Former French President Sarkozy cleared of accepting ‘brown envelopes stuffed with cash’ from l’Oreal heiress in corruption probe
- Nicolas Sarkozy, the 58-year-old politician denies any wrong-doing
- He still faces other criminal enquiries, all related to alleged illegal funding
- He said he visited Liliane Bettencourt only once and did not ask for money
- Investigators suspect that £3.5m worth of her money ended up in Mr Sarkozy’s party UMP
Former French president Nicolas Sarkozy was today cleared of corruption charges which could have seen him jailed for three years.
The 58-year-old politician had been accused of accepting brown envelopes stuffed with cash from Liliane Bettencourt, the l’Oreal heiress.
But judges investigating the so-called ‘Bettencourt Affair’ have now formally dropped all charges.
Mr Sarkozy still faces a number of other criminal enquiries, however – all of them related to alleged illegal funding.
Charges dropped: Former French president Nicolas Sarkozy (left) was cleared of accusations that he accepted brown envelopes stuffed with cash from Liliane Bettencourt (right), the l’Oreal heiress
The Bettencourt case came to a dramatic head in March, when a judge in Bordeaux summoned Mr Sarkozy for a long grilling, after which preliminary charges were filed against him.
It was said that he used Mrs Bettencourt’s millions to fund his 2007 election campaign – a claim he always denied.
It is alleged that one of Mr Sarkozy’s aides made separate visits, picking up more envelopes full of money from the mentally and physically frail multi-millionaire, who is France’s richest woman.
But Mr Sarkozy insisted that he only saw Mrs Bettencourt once during 2007, and did not ask her for any money.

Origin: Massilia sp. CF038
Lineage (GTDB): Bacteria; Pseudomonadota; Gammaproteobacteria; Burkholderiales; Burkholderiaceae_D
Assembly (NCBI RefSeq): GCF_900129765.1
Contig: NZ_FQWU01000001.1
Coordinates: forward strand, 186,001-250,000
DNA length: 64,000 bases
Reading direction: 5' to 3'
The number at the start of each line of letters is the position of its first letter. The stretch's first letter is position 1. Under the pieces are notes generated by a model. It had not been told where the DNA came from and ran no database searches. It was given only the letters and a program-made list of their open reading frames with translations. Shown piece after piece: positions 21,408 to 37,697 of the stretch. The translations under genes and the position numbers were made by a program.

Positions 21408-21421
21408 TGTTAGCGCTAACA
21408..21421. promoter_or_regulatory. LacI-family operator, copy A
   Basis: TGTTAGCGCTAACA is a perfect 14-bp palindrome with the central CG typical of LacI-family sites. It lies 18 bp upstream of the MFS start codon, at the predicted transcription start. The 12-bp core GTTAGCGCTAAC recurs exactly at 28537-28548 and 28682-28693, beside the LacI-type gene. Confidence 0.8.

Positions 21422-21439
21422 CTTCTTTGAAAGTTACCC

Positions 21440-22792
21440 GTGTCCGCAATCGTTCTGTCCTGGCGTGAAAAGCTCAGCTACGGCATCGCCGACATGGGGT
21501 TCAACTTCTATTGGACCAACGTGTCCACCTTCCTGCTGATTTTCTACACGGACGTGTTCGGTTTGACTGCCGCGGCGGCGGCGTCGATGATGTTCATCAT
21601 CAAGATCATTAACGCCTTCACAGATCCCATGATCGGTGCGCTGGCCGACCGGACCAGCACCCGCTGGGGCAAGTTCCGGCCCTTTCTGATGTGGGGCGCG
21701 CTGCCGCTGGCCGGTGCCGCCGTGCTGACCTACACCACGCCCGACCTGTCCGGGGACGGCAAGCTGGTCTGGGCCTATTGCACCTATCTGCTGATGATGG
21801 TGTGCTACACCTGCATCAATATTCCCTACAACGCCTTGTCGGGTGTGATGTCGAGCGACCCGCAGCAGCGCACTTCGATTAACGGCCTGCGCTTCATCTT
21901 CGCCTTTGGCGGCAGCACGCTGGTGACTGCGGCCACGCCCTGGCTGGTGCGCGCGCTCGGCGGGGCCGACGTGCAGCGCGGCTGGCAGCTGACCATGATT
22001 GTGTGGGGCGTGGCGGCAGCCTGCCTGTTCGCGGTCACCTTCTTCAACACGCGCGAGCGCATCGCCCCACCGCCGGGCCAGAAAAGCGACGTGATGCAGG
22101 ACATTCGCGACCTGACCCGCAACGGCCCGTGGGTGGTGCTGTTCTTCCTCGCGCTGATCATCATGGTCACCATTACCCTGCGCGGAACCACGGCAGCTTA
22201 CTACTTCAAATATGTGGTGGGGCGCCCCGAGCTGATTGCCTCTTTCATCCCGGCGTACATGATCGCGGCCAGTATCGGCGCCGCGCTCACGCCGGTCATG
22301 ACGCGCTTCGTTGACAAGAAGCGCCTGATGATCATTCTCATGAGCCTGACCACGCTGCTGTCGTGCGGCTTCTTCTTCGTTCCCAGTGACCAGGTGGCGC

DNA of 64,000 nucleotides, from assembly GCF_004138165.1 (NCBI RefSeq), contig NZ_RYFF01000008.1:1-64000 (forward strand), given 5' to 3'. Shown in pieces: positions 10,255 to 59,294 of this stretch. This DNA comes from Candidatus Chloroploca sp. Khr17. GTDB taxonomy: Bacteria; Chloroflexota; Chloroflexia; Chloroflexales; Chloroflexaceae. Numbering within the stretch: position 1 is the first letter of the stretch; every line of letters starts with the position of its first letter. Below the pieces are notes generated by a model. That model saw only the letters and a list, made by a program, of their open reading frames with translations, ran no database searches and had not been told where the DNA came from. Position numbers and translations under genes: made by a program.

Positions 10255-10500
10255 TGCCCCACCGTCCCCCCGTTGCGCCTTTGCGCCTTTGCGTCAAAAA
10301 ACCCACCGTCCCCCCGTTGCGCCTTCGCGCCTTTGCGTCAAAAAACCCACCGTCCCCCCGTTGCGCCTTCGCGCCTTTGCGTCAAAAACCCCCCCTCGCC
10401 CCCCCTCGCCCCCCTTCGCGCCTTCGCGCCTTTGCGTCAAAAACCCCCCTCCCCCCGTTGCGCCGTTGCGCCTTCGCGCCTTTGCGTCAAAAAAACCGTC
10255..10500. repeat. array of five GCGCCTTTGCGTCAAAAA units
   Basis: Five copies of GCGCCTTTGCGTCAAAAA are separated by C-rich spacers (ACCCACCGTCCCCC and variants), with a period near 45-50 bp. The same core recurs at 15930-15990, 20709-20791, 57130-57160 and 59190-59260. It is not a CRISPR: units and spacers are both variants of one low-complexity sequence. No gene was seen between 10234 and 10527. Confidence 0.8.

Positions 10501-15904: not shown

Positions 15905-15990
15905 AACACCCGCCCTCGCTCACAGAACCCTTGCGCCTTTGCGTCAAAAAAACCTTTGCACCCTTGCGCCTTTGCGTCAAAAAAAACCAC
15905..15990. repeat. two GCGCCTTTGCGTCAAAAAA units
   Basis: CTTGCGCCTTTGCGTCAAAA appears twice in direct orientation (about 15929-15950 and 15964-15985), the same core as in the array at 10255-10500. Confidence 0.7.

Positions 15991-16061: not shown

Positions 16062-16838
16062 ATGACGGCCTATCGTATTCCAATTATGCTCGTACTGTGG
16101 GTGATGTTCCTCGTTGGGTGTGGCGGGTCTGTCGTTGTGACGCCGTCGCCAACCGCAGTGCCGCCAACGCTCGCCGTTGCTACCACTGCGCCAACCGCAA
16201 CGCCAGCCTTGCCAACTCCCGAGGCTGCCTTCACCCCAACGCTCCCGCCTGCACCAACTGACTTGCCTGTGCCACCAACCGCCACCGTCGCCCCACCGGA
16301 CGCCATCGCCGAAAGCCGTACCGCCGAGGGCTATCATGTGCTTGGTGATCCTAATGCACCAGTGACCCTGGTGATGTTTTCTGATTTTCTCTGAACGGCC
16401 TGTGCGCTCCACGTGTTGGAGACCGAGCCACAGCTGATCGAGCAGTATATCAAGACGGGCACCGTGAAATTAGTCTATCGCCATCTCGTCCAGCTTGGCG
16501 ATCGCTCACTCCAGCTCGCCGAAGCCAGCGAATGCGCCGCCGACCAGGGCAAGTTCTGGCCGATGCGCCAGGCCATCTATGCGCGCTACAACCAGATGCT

Investigators suspect that up to £3.5 million worth of Bettencourt’s cash ended up with Mr Sarkozy’s party, the UMP, and others still face prosecution.
Mr Sarkozy being cleared technically opens the way for him to stand again for president in 2017.
He lost his job as head of state to Francois Hollande, the Socialist candidate, last year but is still popular with right-wing conservatives.
However, a number of other enquiries are still active, including one known as the Karachi Affair.
It involves a 2002 terrorist bombing in the Pakistani city that killed 11 French engineers – allegedly because kickbacks over submarine sales by France to Pakistan had not been paid.
Money linked to the arms deals is said to have helped fund the 1995 presidential election campaign of former French prime minister Édouard Balladur – a campaign for which Mr Sarkozy was spokesman.
Mr Sarkozy, who denies any wrong-doing, has also been accused of taking kick backs from former Libyan dictator Muammar Gaddafi.
Since losing the presidential election, Mr Sarkozy has been living quietly in Paris with his third wife, the former model Carla Bruni.
His mentor Jacques Chirac was found guilty in 2011 – the first modern French president to be convicted in a criminal court.
He was found guilty of corruption dating back to his time as Paris mayor, and was given a suspended prison sentence.
Mr Sarkozy was facing up to three years in prison, a fine of more than £300,000 and a five-year exclusion from politics if he had been found guilty.